Sky-gazers catch rare glimpse of supermoon despite cloud canopy

A glimpse of the stunning Supermoon. Photo: Nigel Pickover

A glimpse of the stunning Supermoon. Photo: Nigel Pickover - Credit: Nigel Pickover

Sky-gazers have enjoyed the rare sight of a supermoon, with the Moon appearing bigger and brighter than usual as it came closer to Earth than it has in decades.

A super sight of a Supermoon taken from my window in Hemblington at 3.47am. Photo: Brian Shreeve

A super sight of a Supermoon taken from my window in Hemblington at 3.47am. Photo: Brian Shreeve - Credit: citizenside.com

But sightings proved scarce in Norfolk as enthusiasts had to contend with a thick covering of cloud.

Glimpses were captured by eagle-eyed photographers at Thornham Harbour and in Norwich as the canopy of cloud parted just long enough to reveal the phenomenon.

The event, described as 'undeniably beautiful' by American space agency Nasa, will not be matched until the moon makes a similar approach in 2034.

A beautiful shot of the Supermoon. By Anil Vohora

A beautiful shot of the Supermoon. By Anil Vohora - Credit: citizenside.com

The moon's proximity to the horizon caused an optical illusion known as the 'low-hanging moon' effect, where it can be measured against familiar objects such as trees and houses.


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Earlier on Monday the gap between the Earth and the Moon closed to its shortest point, known as the perigee – a distance of 221,525 miles.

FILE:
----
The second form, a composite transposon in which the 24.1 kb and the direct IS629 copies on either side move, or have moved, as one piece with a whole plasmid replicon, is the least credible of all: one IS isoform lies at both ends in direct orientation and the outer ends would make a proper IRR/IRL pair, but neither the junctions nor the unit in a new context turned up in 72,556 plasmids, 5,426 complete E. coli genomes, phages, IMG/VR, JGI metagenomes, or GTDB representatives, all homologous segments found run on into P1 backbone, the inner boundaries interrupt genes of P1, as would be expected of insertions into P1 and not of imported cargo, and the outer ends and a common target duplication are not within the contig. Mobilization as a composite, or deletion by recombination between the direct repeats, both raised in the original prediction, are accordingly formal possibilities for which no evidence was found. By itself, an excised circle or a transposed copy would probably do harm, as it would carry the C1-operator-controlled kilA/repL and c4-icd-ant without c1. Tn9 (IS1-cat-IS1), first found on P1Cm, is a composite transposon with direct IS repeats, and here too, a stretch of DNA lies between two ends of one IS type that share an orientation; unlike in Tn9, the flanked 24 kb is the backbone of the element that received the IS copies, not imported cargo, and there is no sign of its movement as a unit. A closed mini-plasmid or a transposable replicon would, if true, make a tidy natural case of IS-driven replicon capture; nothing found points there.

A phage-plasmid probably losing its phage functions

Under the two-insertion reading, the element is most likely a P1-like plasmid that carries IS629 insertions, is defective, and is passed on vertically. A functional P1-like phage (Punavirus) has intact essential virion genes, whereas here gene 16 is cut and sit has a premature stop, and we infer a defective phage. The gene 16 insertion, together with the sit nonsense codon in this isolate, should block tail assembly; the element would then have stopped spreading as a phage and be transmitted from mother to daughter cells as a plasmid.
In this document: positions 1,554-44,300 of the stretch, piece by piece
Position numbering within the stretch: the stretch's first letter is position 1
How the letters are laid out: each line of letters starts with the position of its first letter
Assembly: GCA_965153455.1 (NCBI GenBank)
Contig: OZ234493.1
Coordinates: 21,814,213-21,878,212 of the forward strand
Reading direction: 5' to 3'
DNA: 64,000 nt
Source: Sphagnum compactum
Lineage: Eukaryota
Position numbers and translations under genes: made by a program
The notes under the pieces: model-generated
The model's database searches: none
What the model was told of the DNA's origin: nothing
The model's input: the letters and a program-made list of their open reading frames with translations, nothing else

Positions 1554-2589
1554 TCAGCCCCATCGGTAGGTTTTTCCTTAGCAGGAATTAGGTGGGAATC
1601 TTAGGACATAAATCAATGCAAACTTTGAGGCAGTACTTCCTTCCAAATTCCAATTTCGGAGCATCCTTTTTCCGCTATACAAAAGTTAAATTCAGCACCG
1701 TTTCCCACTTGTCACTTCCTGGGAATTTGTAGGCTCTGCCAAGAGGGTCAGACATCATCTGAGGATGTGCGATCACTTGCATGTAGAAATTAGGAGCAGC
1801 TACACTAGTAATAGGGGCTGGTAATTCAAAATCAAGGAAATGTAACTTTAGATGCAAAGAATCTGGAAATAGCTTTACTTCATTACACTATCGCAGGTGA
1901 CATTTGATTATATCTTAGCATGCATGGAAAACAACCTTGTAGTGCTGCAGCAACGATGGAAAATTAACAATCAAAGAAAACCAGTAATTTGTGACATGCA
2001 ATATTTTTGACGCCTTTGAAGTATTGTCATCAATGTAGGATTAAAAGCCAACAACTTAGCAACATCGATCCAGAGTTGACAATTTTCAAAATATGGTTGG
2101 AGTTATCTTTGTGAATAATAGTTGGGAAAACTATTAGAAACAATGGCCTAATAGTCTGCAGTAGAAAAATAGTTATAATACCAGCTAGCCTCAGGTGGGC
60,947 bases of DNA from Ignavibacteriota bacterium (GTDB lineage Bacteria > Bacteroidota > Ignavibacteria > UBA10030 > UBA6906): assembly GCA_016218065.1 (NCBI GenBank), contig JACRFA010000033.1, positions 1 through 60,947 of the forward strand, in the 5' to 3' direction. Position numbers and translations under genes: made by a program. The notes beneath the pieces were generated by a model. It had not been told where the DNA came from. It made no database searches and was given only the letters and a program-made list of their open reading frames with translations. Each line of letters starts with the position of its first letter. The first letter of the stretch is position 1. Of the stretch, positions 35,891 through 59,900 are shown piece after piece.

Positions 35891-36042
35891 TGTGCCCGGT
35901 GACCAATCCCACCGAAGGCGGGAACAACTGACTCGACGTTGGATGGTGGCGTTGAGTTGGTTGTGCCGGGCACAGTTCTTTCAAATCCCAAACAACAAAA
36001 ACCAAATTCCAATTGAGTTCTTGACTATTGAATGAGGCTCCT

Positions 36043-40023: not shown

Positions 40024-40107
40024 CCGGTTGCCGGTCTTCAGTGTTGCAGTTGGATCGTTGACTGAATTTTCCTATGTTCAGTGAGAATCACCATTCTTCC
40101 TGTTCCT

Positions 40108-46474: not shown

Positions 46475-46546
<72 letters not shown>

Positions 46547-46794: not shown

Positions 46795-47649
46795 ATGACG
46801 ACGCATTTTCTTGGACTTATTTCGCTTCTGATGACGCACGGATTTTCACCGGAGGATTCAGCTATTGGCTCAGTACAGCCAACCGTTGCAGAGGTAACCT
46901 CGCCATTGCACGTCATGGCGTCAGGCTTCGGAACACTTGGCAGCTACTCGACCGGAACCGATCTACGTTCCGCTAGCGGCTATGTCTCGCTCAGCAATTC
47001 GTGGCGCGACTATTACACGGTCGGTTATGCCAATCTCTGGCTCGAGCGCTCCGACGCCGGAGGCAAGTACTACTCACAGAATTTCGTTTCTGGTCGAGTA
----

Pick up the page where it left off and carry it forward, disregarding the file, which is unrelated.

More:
The last time the Moon was this close to the Earth was in 1948.

One of our Iwitness users waited patiently till 1.44 am to get a view of the beautful Supermoon in S

One of our Iwitness users waited patiently till 1.44 am to get a view of the beautful Supermoon in Sprowston. Photo: Peter Dent - Credit: citizenside.com

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The reason the distance varies is the moon's slightly elliptical orbit. On average, it is 238,900 miles from the Earth, but at the perigee it is about 5pc closer. At its furthest orbital point from the Earth, the apogee, it is 5pc more distant.

Perigee and apogee distances vary from month to month due to several factors, such as whether the long axis of the lunar orbit is pointed towards the sun.

Yesterday's event was the biggest and best in a series of three supermoons. The first was on October 16; the third is due on December 14.

The Moon on the eve of the Supermoon on Monday 14th November. Photo: Val Bond

The Moon on the eve of the Supermoon on Monday 14th November. Photo: Val Bond - Credit: citizenside.com

Upload your pictures at www.iwitness24.co.uk

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